Ways to Earn Money

You can also start talking to your children about how to earn money. You might play pretend jobs or assign them chores to earn an allowance. As your children grow a bit older, introduce the idea of a lemonade stand or start a piggy bank to encourage saving for that new toy they want. You can also consider paying a portion for things they want like a trip to the mall with friends or a new device, teaching them to save up for their respective portion.

Ways to Save

With some of the background knowledge already in play, you can then begin discussing savings more in-depth with your children. Teach them about simple ways to save, comparison shopping, opportunity costs or trade-offs, and delayed gratification. Remember to explain the why—discuss emergency funds and saving for big ticket items like college, a dream vacation, or even a cell phone. Help them set financial goals and talk through how they will go about achieving them. For older kids, this might be a good time to open a savings account they can access and contribute to.


With the understanding of savings and opportunity costs in mind, your children are ready to learn about budgeting. Explain that in order to save up for the things we want, we might have to curb our spending for a period of time, or even make some permanent swaps. Help them break down their allowance or other funds into spending categories and walk them through the math to see how much they need to save to reach their goals and how this will affect their spending limits that month. When they ask for things in the store, remind them how it might play into their planned budget and their savings goals. This can also be a good time to consider opening a checking or spending account for older children.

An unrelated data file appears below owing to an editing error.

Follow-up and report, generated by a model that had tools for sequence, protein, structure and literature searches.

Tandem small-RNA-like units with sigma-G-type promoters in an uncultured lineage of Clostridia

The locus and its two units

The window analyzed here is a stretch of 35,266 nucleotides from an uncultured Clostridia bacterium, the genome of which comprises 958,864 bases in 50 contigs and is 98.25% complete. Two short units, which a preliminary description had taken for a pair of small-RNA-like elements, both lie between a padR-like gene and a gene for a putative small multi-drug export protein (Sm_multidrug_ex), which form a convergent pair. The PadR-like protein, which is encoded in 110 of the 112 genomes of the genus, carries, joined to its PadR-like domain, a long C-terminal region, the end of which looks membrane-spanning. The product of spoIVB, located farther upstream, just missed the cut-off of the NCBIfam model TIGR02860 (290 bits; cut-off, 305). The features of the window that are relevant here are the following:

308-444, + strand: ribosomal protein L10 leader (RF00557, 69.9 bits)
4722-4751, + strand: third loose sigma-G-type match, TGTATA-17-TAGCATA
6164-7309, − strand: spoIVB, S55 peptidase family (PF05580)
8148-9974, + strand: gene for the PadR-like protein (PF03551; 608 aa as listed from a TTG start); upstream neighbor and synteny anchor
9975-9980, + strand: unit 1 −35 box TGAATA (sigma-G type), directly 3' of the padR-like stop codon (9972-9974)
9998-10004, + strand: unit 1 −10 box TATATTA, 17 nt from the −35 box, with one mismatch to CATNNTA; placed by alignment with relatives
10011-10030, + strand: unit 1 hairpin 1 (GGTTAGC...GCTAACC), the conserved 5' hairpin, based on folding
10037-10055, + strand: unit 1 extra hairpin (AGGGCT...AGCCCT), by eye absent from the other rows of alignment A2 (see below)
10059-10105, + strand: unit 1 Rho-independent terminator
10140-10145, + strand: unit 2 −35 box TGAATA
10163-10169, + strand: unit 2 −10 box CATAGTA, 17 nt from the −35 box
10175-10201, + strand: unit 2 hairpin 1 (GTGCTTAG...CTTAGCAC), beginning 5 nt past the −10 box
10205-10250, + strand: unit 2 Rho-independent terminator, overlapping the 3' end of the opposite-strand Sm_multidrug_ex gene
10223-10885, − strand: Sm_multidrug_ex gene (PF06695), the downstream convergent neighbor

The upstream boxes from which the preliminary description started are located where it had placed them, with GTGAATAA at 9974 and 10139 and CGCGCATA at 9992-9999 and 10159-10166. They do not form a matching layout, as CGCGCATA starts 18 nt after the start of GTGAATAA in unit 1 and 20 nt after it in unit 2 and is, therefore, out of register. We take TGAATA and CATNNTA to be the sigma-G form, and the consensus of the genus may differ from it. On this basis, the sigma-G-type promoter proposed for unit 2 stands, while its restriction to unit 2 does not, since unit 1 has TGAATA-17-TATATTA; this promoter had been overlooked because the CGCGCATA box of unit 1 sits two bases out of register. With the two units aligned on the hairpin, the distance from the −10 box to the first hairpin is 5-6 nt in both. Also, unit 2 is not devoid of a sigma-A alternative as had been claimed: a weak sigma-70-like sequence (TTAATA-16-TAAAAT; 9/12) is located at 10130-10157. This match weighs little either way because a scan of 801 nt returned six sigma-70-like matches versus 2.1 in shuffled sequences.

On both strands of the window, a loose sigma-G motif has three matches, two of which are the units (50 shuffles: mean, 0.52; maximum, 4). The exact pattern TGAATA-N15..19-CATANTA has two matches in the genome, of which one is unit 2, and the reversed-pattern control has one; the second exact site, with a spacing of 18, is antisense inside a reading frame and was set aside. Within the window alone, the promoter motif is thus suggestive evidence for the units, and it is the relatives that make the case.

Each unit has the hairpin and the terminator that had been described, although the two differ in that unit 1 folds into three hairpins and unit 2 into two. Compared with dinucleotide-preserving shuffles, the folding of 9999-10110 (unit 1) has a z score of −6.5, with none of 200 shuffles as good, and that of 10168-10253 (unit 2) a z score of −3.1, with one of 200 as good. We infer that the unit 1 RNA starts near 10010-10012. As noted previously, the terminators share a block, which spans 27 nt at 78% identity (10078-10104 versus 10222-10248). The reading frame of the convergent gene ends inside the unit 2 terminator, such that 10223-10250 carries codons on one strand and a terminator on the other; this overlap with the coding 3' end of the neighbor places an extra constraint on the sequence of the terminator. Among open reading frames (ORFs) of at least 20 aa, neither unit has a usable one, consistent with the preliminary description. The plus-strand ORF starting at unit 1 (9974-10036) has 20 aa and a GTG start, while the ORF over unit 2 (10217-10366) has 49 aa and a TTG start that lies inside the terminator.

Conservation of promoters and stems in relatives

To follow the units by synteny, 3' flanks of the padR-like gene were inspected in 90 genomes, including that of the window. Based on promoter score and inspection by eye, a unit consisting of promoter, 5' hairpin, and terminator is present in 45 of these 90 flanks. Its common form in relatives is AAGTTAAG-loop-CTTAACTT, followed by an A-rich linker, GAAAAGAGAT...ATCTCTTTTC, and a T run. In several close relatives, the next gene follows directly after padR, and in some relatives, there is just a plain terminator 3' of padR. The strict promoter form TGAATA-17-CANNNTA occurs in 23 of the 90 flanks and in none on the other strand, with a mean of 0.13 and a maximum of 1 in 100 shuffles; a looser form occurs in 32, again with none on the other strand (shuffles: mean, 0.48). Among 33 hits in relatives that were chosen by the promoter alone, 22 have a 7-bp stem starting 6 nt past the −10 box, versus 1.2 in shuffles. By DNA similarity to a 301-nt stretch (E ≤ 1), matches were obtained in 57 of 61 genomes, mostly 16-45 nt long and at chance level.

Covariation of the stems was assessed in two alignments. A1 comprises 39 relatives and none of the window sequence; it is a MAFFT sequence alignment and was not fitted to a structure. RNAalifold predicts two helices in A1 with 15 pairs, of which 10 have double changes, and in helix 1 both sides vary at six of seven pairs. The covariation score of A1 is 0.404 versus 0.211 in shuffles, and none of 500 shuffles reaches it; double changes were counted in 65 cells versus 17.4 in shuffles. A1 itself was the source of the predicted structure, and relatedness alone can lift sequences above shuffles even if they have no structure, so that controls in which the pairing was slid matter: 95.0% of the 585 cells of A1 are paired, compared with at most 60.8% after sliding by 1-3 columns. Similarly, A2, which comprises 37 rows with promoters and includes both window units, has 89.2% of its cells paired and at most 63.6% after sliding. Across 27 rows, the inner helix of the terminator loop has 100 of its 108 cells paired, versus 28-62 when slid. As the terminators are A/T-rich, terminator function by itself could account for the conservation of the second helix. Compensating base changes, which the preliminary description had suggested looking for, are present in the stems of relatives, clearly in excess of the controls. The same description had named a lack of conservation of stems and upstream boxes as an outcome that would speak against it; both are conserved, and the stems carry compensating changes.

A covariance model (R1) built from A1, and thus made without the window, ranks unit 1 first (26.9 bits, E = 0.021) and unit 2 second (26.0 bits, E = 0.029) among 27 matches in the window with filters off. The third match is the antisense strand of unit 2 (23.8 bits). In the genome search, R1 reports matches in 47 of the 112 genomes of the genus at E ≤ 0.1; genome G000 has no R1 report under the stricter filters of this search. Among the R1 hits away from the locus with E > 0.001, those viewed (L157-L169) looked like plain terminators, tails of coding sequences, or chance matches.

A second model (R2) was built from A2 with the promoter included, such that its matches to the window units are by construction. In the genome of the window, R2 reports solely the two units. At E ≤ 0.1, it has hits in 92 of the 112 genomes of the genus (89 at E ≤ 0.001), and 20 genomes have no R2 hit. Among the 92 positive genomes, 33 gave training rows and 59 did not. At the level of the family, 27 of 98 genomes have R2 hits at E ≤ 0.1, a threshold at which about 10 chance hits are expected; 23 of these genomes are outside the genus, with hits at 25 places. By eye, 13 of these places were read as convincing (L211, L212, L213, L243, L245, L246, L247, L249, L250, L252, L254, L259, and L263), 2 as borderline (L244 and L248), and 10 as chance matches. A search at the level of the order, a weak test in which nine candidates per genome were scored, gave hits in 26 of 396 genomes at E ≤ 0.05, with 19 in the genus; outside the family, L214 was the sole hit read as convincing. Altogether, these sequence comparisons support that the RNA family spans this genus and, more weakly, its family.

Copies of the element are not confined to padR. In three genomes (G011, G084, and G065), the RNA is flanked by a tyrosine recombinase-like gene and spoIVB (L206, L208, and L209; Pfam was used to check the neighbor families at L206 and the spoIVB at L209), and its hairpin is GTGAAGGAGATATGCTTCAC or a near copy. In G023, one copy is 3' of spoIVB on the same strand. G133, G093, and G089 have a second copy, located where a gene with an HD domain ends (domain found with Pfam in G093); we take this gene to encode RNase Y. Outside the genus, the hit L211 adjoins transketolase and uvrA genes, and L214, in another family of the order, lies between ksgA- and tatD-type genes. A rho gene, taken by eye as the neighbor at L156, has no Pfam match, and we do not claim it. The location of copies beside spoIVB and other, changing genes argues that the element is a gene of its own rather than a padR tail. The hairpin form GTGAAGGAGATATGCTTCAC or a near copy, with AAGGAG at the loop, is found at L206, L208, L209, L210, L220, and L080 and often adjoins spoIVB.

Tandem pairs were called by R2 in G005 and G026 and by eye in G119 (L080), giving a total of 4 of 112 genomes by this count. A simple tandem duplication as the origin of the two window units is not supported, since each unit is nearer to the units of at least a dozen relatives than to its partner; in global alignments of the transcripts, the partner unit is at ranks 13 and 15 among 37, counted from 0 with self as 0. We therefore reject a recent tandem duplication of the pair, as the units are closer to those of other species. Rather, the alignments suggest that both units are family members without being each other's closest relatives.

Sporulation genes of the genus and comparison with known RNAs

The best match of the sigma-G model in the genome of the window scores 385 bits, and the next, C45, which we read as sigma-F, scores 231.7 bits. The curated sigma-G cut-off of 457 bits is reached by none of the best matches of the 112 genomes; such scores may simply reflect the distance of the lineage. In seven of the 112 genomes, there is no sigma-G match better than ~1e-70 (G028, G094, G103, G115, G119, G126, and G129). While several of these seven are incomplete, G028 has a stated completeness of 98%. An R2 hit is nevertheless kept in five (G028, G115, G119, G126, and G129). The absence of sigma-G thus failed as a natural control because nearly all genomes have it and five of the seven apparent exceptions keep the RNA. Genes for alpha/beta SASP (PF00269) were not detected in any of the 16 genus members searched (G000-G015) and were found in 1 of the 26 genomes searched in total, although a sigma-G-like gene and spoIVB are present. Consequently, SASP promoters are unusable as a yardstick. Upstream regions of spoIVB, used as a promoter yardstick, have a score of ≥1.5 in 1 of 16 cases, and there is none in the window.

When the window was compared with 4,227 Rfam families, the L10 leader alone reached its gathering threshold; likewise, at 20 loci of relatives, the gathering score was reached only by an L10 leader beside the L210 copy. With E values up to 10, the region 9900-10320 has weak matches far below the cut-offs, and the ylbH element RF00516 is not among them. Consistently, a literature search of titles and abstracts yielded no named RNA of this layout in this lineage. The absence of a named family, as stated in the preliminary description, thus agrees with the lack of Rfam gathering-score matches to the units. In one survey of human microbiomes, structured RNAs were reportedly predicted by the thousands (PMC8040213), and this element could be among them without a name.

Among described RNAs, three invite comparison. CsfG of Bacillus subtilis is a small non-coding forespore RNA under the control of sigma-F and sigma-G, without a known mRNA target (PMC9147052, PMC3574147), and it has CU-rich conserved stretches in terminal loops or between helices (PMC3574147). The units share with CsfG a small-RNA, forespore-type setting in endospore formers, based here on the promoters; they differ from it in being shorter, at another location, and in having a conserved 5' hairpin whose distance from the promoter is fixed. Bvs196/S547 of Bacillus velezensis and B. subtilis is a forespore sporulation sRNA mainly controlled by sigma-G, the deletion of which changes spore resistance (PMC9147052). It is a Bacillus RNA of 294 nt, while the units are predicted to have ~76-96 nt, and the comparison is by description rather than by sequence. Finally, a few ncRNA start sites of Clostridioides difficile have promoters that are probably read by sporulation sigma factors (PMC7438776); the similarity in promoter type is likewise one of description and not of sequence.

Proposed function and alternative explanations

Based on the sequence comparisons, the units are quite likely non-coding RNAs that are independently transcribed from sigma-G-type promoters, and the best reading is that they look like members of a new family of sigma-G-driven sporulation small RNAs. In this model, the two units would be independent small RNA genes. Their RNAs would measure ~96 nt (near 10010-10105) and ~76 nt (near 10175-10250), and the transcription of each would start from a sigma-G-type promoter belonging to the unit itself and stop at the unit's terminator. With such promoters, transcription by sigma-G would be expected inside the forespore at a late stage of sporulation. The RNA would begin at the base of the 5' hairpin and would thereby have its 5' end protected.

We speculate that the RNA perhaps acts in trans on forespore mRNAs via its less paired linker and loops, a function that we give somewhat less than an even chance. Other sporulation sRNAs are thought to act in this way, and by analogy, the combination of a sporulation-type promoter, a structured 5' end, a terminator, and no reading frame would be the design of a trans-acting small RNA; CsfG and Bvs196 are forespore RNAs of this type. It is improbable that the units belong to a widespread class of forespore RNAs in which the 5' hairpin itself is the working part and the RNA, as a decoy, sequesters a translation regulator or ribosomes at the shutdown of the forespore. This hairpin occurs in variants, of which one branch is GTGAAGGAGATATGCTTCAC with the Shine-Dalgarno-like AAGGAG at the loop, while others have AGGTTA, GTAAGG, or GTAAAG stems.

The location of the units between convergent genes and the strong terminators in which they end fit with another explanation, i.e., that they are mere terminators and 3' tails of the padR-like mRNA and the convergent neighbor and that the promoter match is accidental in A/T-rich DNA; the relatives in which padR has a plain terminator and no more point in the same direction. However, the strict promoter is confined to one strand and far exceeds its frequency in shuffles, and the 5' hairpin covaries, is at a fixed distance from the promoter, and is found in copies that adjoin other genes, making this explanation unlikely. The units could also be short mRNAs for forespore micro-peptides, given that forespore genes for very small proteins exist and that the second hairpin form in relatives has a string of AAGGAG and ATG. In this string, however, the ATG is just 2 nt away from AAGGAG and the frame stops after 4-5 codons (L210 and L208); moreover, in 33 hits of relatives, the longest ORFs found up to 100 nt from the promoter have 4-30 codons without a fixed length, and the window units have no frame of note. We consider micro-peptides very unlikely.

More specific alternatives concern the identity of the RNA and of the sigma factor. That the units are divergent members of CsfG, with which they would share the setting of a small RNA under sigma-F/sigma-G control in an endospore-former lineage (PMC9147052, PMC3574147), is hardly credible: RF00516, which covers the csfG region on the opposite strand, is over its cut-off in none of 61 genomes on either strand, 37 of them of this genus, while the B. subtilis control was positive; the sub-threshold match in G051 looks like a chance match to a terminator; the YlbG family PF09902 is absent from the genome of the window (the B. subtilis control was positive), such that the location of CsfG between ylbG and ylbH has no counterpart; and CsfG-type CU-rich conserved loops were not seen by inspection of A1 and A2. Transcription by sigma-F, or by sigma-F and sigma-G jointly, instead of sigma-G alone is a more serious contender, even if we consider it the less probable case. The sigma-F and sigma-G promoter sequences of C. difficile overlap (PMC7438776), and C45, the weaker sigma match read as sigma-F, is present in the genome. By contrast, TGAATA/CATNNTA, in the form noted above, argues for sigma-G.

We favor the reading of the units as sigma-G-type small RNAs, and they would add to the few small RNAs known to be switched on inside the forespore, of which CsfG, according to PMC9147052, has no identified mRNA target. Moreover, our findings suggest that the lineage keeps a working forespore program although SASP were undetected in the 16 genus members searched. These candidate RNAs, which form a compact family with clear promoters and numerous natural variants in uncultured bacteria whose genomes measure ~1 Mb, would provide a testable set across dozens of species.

Credit, Debt, and Interest

Once your kids reach middle or high school, it’s a good idea to start talking about credit, debt, and interest. Explain how interest works and how that affects saving and borrowing conditions in the financial market. Teach them about debt and smart borrowing habits, reminding them that it doesn’t have to be a bad thing and, sometimes, it’s necessary to achieve their goals. At the same time, consider discussing the importance of credit scores and our credit histories. You might think about getting your high schooler a credit card to practice some additional responsibility, or start talking to them about the student loans they’ll be needing soon. This can also be a good time to start talking about scams, identity theft, and account security, focusing on red flags to watch out for, negative impacts of falling victim, and how to respond.

The Final Say on Financial Literacy

Financial literacy is a crucial skill set, and it’s never too early to start learning. Most high schools don’t require in-depth financial courses, so starting at home and early is key. Building your child’s financial skills can help them throughout their life, developing their confidence, independence, and expanding upon other necessary life skills like accountability and problem-solving.